Those with a taste for the artistic fell in love. My first sale was to an elegantly dressed, middle-aged woman who chose the chartreuse, flowered scarf. Then Betty, my long-time, elderly neighbor, came up to the table and glommed onto the “Fuchsia Fantasy” scarf. She turned the confection of plum, violet and fuchsia over and back. Oh no, I thought. My stunning creation on someone so old, so…unhip! Betty wrapped the scarf around her neck. Something happened that I hadn’t anticipated. Her face lit up – not from the reflection of herself in the mirror; she hadn’t seen that yet. The color in that scarf was like a switch turning on a light bulb. It illuminated her skin and then, the entire room.

As Betty played at ways to tie the scarf, a younger, more attractive woman tried on the “Monet” scarf. It was dyed cornflower blue and painted with spots of wool in cerulean, azure and bits of cool green. The reaction was the same. My scarf physically transformed this woman before my eyes. Not a subtle transformation, but instant and dramatic and disarming.

That woman passed on buying the scarf, but after a bout of hemming and hawing, Betty submitted and bought “Fuchsia Fantasy”. Any disappointment I may have felt at the idea of my design on this non-model quickly dissipated. While I’ll never see my chartreuse scarf again, Betty will be wearing hers around the neighborhood week after week. Not only will that scarf bring pleasure to someone I know, but every time I see her wear it, I will feel validated in my new artistic pursuit—another shot of the courage it takes to venture into the creative unknown.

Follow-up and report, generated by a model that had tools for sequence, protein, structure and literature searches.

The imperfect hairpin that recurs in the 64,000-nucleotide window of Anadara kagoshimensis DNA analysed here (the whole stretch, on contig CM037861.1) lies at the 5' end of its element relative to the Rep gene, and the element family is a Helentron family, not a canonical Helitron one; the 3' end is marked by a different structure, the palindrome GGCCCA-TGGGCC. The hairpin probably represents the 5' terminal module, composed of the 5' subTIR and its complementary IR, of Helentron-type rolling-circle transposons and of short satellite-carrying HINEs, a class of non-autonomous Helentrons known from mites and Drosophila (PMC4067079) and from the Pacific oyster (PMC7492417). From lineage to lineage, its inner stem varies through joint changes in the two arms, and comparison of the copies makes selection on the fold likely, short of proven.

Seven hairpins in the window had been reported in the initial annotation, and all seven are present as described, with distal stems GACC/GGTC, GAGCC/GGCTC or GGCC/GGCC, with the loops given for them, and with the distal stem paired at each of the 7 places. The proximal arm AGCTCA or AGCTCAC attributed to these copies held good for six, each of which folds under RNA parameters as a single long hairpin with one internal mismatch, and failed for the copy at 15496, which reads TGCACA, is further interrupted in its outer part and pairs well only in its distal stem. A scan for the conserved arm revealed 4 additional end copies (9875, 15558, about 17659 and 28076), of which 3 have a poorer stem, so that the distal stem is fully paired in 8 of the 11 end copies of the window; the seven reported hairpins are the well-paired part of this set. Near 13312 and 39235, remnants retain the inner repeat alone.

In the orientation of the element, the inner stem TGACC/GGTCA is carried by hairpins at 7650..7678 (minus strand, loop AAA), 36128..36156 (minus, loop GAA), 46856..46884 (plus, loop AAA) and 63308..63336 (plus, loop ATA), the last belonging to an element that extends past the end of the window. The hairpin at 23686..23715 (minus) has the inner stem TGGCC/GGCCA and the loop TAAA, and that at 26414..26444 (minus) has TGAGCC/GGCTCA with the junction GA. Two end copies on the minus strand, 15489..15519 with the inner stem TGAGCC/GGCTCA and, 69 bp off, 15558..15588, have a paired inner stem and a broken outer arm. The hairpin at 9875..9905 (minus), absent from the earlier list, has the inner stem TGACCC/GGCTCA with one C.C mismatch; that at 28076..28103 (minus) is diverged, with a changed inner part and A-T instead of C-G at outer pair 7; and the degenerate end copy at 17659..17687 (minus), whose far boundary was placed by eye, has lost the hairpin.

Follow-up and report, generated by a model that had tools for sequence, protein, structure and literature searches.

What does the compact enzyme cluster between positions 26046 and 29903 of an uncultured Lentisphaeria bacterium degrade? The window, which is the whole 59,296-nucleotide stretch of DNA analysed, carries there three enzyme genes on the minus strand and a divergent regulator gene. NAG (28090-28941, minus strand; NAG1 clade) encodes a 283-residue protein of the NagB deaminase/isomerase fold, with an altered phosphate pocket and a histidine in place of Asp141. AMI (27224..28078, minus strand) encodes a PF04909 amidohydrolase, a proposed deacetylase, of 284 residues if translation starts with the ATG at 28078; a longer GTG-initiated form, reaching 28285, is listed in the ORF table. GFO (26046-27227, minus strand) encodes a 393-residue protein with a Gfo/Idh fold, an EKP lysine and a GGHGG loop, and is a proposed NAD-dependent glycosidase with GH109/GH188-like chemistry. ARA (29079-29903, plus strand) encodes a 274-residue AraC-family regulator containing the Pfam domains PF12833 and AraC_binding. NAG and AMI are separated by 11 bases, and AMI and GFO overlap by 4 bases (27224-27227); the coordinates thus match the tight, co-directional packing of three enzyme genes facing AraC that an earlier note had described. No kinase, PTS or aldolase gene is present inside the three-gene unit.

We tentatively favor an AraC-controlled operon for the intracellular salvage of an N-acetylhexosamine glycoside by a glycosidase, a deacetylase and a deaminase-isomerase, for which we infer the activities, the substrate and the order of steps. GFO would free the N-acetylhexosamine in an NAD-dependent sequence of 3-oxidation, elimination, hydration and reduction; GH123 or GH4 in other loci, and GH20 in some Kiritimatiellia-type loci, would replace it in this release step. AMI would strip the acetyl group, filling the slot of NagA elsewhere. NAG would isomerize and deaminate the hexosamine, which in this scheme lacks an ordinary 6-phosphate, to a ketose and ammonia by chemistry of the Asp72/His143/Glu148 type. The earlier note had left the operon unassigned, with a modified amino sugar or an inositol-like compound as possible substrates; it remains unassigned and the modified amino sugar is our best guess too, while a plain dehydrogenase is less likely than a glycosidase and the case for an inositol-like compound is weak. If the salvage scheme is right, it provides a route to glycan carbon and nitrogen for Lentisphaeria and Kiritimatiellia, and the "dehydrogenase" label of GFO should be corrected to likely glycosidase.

Thanks Betty.

March 19, 2009

Everyone’s a Writer/The Democratization of Talent

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As a young copywriter, it didn’t take long to learn that almost every client and agency colleague fancied himself or herself a competent writer…at least competent enough to advise the one they were paying to do the job. Makes sense. Suggest to most people they take a crack at art direction or design and you’ll get, “Oh no, I can’t draw a straight line.” But anyone who can put pen to paper – make that finger to keyboard – and string letters into words…well, they can write.

So 30 years into my professional writing career, why should I be surprised that every Tom, Dick and Mary is taking a shot at blogging and internet poetry? With user-generated content, wikis and free blogs allowing for unfettered expression, writing is now anybody’s –  and everybody’s – game.

Oh, you say, but the world will weed out the bad ones and the cream will rise to the top. I get it. The New York Times Bestseller List serves its purpose. If a book is that popular, is must be great, right? Not necessarily. Isn’t it possible for 2,000,000 to be wrong? Think Sodom and Gemorrah. Think Chris Daughtry. Just because most people are not erudite enough to appreciate great literature or art doesn’t mean it isn’t great, or that the most popular work is. How many box office hits rose to the top on the merit of their sophomoric content, while examples of truly fine filmmaking never find their way to the Cineplex?

I’m worried. How many of these Twittering poets will I have to wade through to find the serious ones? You can’t tell by how many followers they have. Those are probably the poet wannabes playing poetic telephone with the originator.

More worrisome, now that the internet has given every person in the world a writer’s license, how long before the educated, veteran writers among us become obsolete? Who needs to hire an experienced copywriter when you can get the intern to throw together a blog or tweet? That’s assuming that the client doesn’t take it on himself.

I already feel the moss growing. So here I am, writing my first blog entry. Am I worthier than any other of the 100,000 bloggers out there? I guess you’ll tell me.